During Kidney Action Week, the American Kidney Fund (AKF) hosted a live Congressional briefing on September 16 that focused on factors that have contributed to the disproportionate impact of COVID-19 on communities of color.
The briefing featured Congresswoman Nanette Diaz Barragán (D-CA-44) and former Congresswoman Donna M. Christensen, M.D. (D-VI), in addition to other prominent guests, such as:
- Sindy Benavides, CEO of the League of United Latin American Citizens (LULAC)
- Oliver Brooks, M.D., Former President of the National Medical Association and Chief Medical Officer (CMO) of Watts Healthcare
- Eduardo Sanchez, M.D., M.P.H, FAAFP, Chief Medical Officer (CMO) for Prevention of the American Heart Association
- LaVarne A. Burton, President and CEO of AKF, as well as host of the briefing
The session, titled “COVID-19, Health Disparities & The Social Determinants of Health,” explored the health inequities among low-income populations during the current pandemic. Lack of access to healthcare, poor housing conditions, food insecurity, and lack of educational opportunities are a few factors disrupting a person’s chance for achieving optimal health.
Impact of socioeconomic status on healthcare
African Americans and Latinos are 70% more likely to be diagnosed with diabetes than their white counterparts. Because of their socioeconomic status (SES) often putting them at a disadvantage, they may also be unable to properly manage the disease. One such way of doing so is through a good diet, which typically costs more than a less healthy meal.
How does this information relate to kidney disease? Diabetes is one of the biggest causes of kidney failure. Without access to transportation to see a doctor—or to healthcare altogether—patients are less likely to catch kidney dysfunction early on and prevent the disease from worsening, which could lead to more extreme consequences.
To address these health disparities, U.S. Rep. Barragan has sponsored a piece of legislation, titled “Improving Social Determinants of Health Act of 2020.” This legislation would give the Centers for Disease Control (CDC) the funds needed to create a program to focus on social factors impacting healthcare.
Within this program, the CDC would establish a grant program for local, state, territorial, and tribal agencies to tackle these issues. They would also provide awards to nonprofits and educational institutions that pursue related research on the impact of SES on healthcare access that would lead to best practices.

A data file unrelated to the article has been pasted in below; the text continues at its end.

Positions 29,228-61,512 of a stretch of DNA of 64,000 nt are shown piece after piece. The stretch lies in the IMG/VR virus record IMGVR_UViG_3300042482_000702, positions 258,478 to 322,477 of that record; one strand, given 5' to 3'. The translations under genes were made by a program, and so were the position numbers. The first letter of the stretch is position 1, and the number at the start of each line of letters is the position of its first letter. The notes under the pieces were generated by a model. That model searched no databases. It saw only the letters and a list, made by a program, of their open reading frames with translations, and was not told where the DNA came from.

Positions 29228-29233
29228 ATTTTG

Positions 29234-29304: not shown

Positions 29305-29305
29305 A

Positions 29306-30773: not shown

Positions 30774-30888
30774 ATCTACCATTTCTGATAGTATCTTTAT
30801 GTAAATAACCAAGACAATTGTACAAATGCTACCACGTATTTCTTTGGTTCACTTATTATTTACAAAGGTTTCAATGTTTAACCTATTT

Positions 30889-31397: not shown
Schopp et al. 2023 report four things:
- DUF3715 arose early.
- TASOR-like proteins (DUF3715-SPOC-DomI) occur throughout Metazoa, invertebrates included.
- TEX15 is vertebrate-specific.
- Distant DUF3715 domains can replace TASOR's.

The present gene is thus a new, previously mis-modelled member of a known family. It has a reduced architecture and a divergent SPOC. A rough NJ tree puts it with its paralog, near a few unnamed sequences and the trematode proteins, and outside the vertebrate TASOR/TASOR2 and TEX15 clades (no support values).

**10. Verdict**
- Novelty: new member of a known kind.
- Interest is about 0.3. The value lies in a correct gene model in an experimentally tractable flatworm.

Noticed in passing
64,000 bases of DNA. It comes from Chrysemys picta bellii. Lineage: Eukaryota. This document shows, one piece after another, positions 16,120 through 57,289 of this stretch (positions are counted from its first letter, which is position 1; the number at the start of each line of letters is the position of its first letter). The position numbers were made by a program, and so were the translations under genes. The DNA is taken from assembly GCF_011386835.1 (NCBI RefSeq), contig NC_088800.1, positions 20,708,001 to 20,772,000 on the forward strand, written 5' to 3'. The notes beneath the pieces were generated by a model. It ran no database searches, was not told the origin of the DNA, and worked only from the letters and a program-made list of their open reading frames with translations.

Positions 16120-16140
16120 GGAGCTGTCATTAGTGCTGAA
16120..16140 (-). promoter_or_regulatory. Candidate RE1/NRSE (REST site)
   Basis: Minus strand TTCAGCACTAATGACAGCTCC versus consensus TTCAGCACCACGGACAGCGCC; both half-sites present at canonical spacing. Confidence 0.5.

COVID-19 as a lens into health disparities
The COVID-19 pandemic has provided researchers with a great opportunity to explore the impact of SES on the diagnosis, risk factors, and treatments of coronavirus in real-time.
Some of the known risk factors for severe cases of COVID-19 include:
- Chronic kidney disease (CKD)
- Obesity (major risk factor for CKD)
- Hypertension (major cause of CKD)
- Type 2 diabetes (major cause of CKD)
Looking at the breakdown of mortalities caused by the coronavirus, racial disparities are clear:
- 1 in 1,450 Black Americans has died.
- 1 in 1,950 Indigenous Americans has died.
- 1 in 3,000 Latino Americans has died.
- 1 in 3,350 Non-Hispanic White Americans has died.
Some of the socioeconomic factors that may contribute to these alarming differences in mortality rates include:
- Employed as an essential worker
- Crowded, substandard housing conditions that make it hard to socially distance
- Lack of insurance
- Living in areas with poor air quality and high levels of pollution
- Undocumented residency
Solutions proposed by medical professionals
Potential remedies to these inequities, according to Dr. Sanchez, might include healthcare for all and access to technology for the ability to participate in telemedicine for medical care and public health. Dr. Brooks also put the spotlight on racial bias as an area for doctors to explore within themselves in order to improve care—specifically cultural and social differences when making diagnostic and treatment plans. He noted the data shows that Black patients treated by Black doctors typically have better outcomes.
According to Benavides, “It’s important for us to meet the community where they are. We have a lot of work to do to stop the gap.” It is important for diverse voices to be heard and to be a part of important policies that prioritize fixing health inequities, to be able to track data related to these policies and use this data to formulate programs that better impact our communities, she remarked.
Amanda Donohue serves as a contributing writer for Responsum Health. She holds a Bachelor’s Degree in Journalism from the University of Maryland and is currently pursuing a Master’s Degree in Clinical Nutrition. She began working in healthcare in 2008 as a Certified Pharmacy Technician for five years.